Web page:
Israeli Prime Minister Benjamin Netanyahu over the weekend told “Face the Nation” that the Obama administration’s slam on his government for its Jerusalem building start was “against American values.”
I’ll leave to others the arguments about the political wisdom of the leader of another country instructing American presidents about American values. What struck me as odd was the diplomatic can of worms this opens.
Does Netanyahu really want U.S. administrations to base their assessments of Israeli actions on U.S. values?
There’s a lot that Israel does that goes “against American values,” and for a simple reason: Israel is not America, and when challenged on these issues, Israeli officials will make that point emphatically.
The Knesset in 2011 passed a law allowing local authorities to discriminate on the basis of “incompatibility with the social-cultural fabric” — a locution that would cause many American necks to bristle with American hairs standing on end.
Then there are the laws that deny permanent resident status to West Bank Palestinians who are married to Israelis. There is, among Israel’s Jews, the Orthodox hegemony over marriage and other civil actions. There is Israel’s discrimination against Arab and Muslim Americans seeking non-visa entry into Israel.
On the more left-wing end of the “values” spectrum, Israeli government health insurance pays for abortions, whereas there are tough restrictions on abortion coverage in an increasing number of states. And Israel recognized same-sex domestic partnerships — and allowed gays to serve openly in the military — long before such policies were deemed acceptable in the United States.
Meanwhile, Netanyahu’s insistence in the same interview that “Arabs in East Jerusalem, Palestinians, buy apartments, thousands of them in the Jewish neighborhoods in West Jerusalem, nobody says you can’t do it” is mistaken.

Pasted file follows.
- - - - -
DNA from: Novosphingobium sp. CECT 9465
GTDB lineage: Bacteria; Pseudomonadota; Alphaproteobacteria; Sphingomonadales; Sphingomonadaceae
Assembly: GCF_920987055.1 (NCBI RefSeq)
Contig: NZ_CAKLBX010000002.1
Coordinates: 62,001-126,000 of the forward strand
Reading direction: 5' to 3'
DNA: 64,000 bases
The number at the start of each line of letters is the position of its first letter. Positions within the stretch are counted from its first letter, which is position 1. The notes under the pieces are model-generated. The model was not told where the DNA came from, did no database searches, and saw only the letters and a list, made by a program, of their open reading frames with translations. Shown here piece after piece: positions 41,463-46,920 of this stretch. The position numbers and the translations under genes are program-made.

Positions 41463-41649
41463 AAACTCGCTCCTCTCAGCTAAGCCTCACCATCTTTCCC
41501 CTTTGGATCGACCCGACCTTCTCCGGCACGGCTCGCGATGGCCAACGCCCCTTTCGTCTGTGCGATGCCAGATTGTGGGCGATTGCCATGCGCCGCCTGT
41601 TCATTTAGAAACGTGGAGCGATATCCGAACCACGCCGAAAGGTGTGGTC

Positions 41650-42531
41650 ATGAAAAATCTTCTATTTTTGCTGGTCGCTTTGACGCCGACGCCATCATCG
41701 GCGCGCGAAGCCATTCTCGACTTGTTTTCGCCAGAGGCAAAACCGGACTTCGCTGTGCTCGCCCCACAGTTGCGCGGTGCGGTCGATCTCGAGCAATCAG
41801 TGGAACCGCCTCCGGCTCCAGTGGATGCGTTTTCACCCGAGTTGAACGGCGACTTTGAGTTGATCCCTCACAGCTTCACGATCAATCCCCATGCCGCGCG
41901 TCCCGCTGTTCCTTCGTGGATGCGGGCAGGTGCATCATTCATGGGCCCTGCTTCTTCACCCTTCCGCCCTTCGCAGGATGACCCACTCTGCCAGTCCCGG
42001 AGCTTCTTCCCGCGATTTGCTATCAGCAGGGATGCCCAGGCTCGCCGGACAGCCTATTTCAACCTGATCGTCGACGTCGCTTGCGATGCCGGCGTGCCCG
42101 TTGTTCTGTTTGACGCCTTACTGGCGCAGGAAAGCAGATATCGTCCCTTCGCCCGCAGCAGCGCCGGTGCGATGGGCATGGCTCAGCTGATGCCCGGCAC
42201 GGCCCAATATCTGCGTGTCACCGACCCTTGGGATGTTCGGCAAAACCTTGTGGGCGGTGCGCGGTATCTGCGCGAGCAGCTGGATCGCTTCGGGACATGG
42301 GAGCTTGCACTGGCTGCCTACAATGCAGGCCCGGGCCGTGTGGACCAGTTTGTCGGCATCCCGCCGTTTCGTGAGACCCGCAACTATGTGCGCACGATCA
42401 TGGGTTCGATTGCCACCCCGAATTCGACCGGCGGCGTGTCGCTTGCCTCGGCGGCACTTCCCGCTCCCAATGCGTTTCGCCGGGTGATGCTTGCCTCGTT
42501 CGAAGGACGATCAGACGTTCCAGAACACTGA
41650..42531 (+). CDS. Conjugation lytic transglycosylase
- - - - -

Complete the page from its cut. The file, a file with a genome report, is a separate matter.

Daniel Seidemann, the founder of Terrestrial Jerusalem — one of the groups that reported on the building expansion that is fueling Netanyahu-Obama tension — tells me that the vast majority of the 3,400 Palestinians who live in apartments in predominantly Jewish neighborhoods rent, as opposed to own. They cannot afford to live in Palestinian neighborhoods because Israel has not granted a legal permit to build in these areas since the 1970s; and the Jewish neighborhoods they live in are the new ones built beyond the 1967 line.
As for the area that much of the world (including Israelis) thinks of as “West Jerusalem” — the area west of the 1967 line — Seidemann says that he has known of only two Palestinians who live there “in my 45 years of living in Jerusalem and my 25 years of working” tracking growth in the city. “I will buy the prime minister a meal at the kosher restaurant of his choosing for every 10 Palestinians he finds in West Jerusalem,” Seidemann said.
The thing is, the routine rejoinder to any American complaint about a disparity in “values” would be a polite MYOB. Britain, Germany, Japan, Australia (that’s off the top of my head) all have or have had in the post-war era discriminatory citizenship laws, and somehow their alliances with the United States nonetheless flourished.
This is because the foremost consideration in foreign policy is interests, not values. It has been in the the perceived interests of successive U.S. governments to arm Israel and defend it in international forums, and these governments have also had an interest in not prejudicing the final status of Jerusalem until the sides work out a peace deal. Shared “values” may help inform these interests, but they are not the only consideration. Other considerations may include preserving regional stability, maintaining U.S. influence, the U.S. economy, etc.
There’s a cottage industry of Israel-bashers who revel in the the supposed disparity between American and Israeli “values” and who insist this must be the foremost consideration in U.S.-Israel relations, while not applying the same consideration to virtually any other bilateral relationship.
Netanyahu, bizarrely, appears to agree with them.